Posted by ESC on December 03, 2003
In Reply to: Something old posted by Mark Corden on December 03, 2003
: In the description for the wedding day saying, 'Something old, something new, something borrowed, (and) something blue' given here in the phrase meanings section, the end of the rhyme, 'and a silver sixpence in her shoe', is missed out. Whilst this is archaic, should it be included, or at least referred to?
: As for the origin (which isn't mentioned), to the best of my knowledge it is a Victorian saying: the old representing a link to the past, the new symbolising a new life, the borrowed showing the continuation of support from family and friends, the blue representing purity (brides would marry in blue before Queen Victoria changed the trend by marrying in white), and the sixpence representing future prosperity.
From the archives:
SOMETHING OLD, SOMETHING NEW ...
: Something old, something new
: Something borrowed, something blue
: And a silver sixpence in your shoe
: The rhyme originated in Victorian times although some of customs referred in it are much older.
: "Something old" represents the couple's friends who will hopefully remain close during the marriage. Traditionally this was old garter which given to the bride by a happily married woman in the hope that her happiness in marriage would be passed on to the new bride.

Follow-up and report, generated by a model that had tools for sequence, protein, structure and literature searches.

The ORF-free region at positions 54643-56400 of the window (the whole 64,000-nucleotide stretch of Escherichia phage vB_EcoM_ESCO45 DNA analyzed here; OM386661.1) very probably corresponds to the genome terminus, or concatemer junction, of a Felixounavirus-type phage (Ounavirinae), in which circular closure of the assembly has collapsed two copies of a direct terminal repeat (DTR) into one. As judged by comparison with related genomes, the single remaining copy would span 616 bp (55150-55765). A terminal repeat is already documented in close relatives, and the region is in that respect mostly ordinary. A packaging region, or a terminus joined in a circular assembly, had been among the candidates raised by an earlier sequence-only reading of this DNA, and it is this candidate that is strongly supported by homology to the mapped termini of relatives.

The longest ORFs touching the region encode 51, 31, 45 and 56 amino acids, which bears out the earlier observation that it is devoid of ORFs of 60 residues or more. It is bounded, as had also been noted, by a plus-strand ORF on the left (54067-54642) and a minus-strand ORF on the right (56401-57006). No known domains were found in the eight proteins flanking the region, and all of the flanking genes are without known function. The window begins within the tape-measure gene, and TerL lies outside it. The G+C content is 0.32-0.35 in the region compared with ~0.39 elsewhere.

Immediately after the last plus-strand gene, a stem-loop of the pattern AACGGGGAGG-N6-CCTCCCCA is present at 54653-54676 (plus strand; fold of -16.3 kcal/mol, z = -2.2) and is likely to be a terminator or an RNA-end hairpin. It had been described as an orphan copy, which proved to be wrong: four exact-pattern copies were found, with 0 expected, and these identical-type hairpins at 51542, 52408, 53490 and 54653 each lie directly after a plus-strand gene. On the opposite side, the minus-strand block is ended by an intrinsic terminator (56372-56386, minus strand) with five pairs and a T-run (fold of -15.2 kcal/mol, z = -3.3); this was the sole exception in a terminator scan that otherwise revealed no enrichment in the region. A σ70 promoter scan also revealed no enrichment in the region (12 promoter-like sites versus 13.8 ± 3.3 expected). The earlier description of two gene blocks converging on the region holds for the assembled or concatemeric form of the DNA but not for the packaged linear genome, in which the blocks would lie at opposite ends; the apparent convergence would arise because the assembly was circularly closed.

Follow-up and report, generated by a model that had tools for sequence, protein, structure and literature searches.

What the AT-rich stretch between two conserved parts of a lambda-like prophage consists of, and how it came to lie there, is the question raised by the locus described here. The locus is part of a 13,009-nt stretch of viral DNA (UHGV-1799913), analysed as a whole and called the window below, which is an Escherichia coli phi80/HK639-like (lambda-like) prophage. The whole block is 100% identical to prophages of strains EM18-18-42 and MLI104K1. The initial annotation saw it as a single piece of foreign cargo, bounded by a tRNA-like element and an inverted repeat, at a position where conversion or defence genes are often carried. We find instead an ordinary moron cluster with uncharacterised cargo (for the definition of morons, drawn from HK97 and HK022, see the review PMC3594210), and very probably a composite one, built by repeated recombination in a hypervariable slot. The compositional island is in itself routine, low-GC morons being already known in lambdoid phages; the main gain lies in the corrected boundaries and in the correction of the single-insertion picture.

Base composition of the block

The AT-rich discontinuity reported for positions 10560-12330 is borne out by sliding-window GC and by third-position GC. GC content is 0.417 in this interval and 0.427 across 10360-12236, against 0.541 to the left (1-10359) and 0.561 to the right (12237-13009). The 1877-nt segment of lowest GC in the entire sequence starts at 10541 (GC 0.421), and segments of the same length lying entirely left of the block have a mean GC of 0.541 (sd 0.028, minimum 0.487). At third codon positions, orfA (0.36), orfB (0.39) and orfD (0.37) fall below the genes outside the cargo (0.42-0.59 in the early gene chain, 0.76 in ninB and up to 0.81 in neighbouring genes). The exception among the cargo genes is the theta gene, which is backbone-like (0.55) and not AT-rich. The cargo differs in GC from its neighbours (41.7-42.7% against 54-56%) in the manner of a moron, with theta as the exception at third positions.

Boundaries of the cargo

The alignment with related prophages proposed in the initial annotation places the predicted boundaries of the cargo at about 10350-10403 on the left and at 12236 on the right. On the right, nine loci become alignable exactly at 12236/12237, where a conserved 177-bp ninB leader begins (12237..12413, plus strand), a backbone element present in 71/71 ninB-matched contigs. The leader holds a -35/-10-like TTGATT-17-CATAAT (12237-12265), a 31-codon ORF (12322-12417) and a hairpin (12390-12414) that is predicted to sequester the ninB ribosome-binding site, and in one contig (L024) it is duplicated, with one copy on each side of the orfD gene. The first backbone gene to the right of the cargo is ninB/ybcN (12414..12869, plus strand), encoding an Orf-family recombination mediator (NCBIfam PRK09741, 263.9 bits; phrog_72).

: "Something new" symbolizes the newlyweds' happy and prosperous future.
: "Something borrowed" is often lent by the bride's family and is an item much valued by the family. The bride must return the item to ensure good luck.
: The custom of the bride wearing "something blue" originated in ancient Israel where the bride wore a blue ribbon in her hair to represent fidelity.
: The placing of a silver sixpence in the bride's shoe was to ensure wealth in the couples married life. Today some brides substitute a penny in their shoe during the ceremony as silver sixpences are less common.
: From U.S. Bridal Guide online :
: Something Old: Continuity
: Something New: Optimism and Hope
: Something Borrowed: Happiness shared from happily married couple
: Something Blue: Fidelity, Love, Purity
: Lucky Sixpence For Her Shoe: Ensures a Life of Fortune
PS. Here's a little more on the "something blue" part. Guys had to wear blue also. That's a nice touch.
http://www.aomdj.com/traditio.htm%20In%20continuing%20with%20the%20discussion%20of%20the%20white%20wedding%20dress, it should be noted that - in Biblical days - blue represented purity. Thus the bride and groom would wear a blue band around the bottom of their wedding attire, hence something blue.